Special To The Guide
Shedrick Byrd has been there for the Norfolk State University (NSU) student-athletes for more than 40 years. Thanks to his recent commitment to an endowment in his name to benefit the athletics programs, his influence for Spartan student-athletes will be there in perpetuity.
A native of Brandon, Mississippi, Byrd left Mississippi at the age of 13 when his family moved to Gary, Indiana. He graduated from high school in Gary in 1957 and moved to Ann Arbor, Michigan where he in 1959 joined the U.S. Navy. He retired from the Navy in 1978.
In 1962, the Navy sent Byrd to Norfolk. Except for a three-year tour of duty (1964-67) in Sasebo, Japan, onboard a degaussing ship that made three trips to Vietnam during the heat of the war, Byrd spent the rest of his Navy career in Norfolk. After returning from Japan, Byrd worked part-time at the Virginian-Pilot newspaper as a wireroom chief and a sports correspondent, following NSU sports. He was subsequently hired in 1968 as part-time Publicity Director for the Central Intercollegiate Athletics Association (CIAA). While serving in the military, in 1970 he enrolled and took courses in night school at NSU. Byrd left the Navy in 1978, but continued his education at NSU, graduating in 1980.
After military service, Byrd held key positions in the Hampton Roads area serving three years as crew training coordinator for the Newport News Shipbuilding, subsequently as the human resources director and department head for the Norfolk Naval Supply Center from 1983-96. In 1996, after a Navy merger of human resource offices, to maintain his pay grade Byrd was reassigned to the Norfolk Naval Base as deputy human resources director. In 1998 he was named Human Resources Director, of the Norfolk Naval Shipyard. He retired in 2000.
“Norfolk State University certainly contributed to my success by providing me a quality education,” Byrd said. “I was fortunate to get help from the GI Bill when I was in school,” he continued, by indicating that and his love of sports were driving forces for his desire to assist student-athletes. “I see the need to help young athletes so they can focus on their studies. If we get some additional alumni and friends helping like this, we can aid NSU in offering more program support and scholarships to our athletes.”
While he was spending time in the classroom, Byrd became a Spartan athletics fan. He and his wife, Rev. Dr. Helen Bessant Byrd, were regular attendees at NSU football and basketball games. They were inaugural members of the NSU Athletics Foundation (NSUAF) in 1980 when the organization was formed and Byrd later served on the NSUAF Board.
“We are avid fans,” said Byrd. “I remember games in Gill Gym where you had to get there by two or three in the afternoon if you wanted a seat for an evening game. We called Gill Gym the ‘the sardine can!’ it was such great atmosphere! People were everywhere, and many times the game had to be stopped to move fans back from the court.”
Dr. Byrd had been a professor in the NSU School of Education since 1968. The two met when she was a keynote speaker at a Dr. Martin Luther King event that Byrd coordinated when he was charged with directing the cultural programing for the Commandant Norfolk, Fifth Naval District. Dr. Byrd retired from NSU in 2004 and was awarded faculty emeritus. She then started a second career after spending three years at the Union Presbyterian Seminary in Richmond, Virginia. She graduated and was called to Pastor Covenant Presbyterian Church in Norfolk. She retired from pastoral ministry in 2016. She also has a named endowment at NSU, providing scholarship support to students in the School of Education.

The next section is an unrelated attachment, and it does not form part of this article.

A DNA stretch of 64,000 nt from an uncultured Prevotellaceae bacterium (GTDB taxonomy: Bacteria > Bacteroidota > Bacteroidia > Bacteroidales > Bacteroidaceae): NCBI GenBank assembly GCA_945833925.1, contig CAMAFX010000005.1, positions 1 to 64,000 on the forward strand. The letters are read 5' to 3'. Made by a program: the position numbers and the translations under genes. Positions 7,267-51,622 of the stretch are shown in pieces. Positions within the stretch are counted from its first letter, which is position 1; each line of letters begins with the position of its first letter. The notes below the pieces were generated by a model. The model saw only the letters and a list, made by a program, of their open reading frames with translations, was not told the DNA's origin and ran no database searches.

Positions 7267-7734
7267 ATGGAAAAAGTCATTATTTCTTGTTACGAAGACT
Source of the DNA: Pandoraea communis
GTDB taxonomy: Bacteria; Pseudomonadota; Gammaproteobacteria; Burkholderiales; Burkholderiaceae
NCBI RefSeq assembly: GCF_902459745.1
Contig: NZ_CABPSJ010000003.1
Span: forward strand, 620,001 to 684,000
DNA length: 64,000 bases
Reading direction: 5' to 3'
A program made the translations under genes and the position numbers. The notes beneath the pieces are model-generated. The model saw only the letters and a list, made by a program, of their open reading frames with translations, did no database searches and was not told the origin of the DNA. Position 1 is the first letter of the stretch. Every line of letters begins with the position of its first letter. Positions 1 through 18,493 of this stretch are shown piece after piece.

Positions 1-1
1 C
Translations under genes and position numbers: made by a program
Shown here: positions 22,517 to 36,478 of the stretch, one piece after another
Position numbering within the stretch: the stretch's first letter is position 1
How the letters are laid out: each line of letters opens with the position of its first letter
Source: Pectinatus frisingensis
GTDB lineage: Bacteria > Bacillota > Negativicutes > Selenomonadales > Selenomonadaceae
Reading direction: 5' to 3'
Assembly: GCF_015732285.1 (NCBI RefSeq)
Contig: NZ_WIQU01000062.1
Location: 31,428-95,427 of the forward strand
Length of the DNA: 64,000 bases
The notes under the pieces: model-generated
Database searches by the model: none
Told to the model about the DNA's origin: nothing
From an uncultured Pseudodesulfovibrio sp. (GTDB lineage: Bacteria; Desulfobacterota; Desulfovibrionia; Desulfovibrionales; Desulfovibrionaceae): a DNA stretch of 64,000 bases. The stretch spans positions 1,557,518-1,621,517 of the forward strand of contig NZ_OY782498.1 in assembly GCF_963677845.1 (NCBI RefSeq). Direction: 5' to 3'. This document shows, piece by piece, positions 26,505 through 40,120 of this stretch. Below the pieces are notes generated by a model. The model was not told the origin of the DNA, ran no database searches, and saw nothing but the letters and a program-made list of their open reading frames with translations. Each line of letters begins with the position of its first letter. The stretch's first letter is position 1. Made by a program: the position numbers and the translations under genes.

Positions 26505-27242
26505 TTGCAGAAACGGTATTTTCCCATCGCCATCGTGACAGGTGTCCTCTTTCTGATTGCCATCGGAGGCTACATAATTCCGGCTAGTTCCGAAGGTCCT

It was Shedrick Byrd’s passion for Spartan athletics that led him to make a decision to start an endowment in his name for the athletics program. “I thought about doing it years ago when I was a member of the Chesapeake chapter of the NSU alumni association,” he explained. “I didn’t take the time to learn all about it. Now, I know that the endowment matures at $25,000, but you can start by giving a lower amount and add to it. I wanted to make a difference for the student-athletes that are studying and competing by taking some of the pressure off of them through providing additional financial resources.”
“I’m grateful for Shedrick’s leadership and his enthusiasm for the Norfolk State student-athletes,” said NSU athletics director Melody Webb. “Shedrick and Helen have been cheering for student athletes for decades. With this endowment gift, they have ensured that future Spartans will also benefit from their passion.”
Byrd is a member of Omega Psi Phi Fraternity, Inc. He is the author of the book, “The Mississippi Byrd, from Rural to Urban to Suburban and Beyond.” The book tells stories about his life and success while growing up in a racist and discriminatory society during the Jim Crow era. His latest project is a podcast, “The Byrd’s Nest,” that is scheduled to launch in March 2021 on YouTube and Instagram channels.
The endowment started by Byrd is one of the first individual endowments focused on an athletics cause. “I’m hoping this encourages others to start an endowment,” Byrd said. “If they are sports fans, why not? We can raise money to support student-athletes.”
That’s Shedrick Byrd – still cheering for the Spartan student-athletes!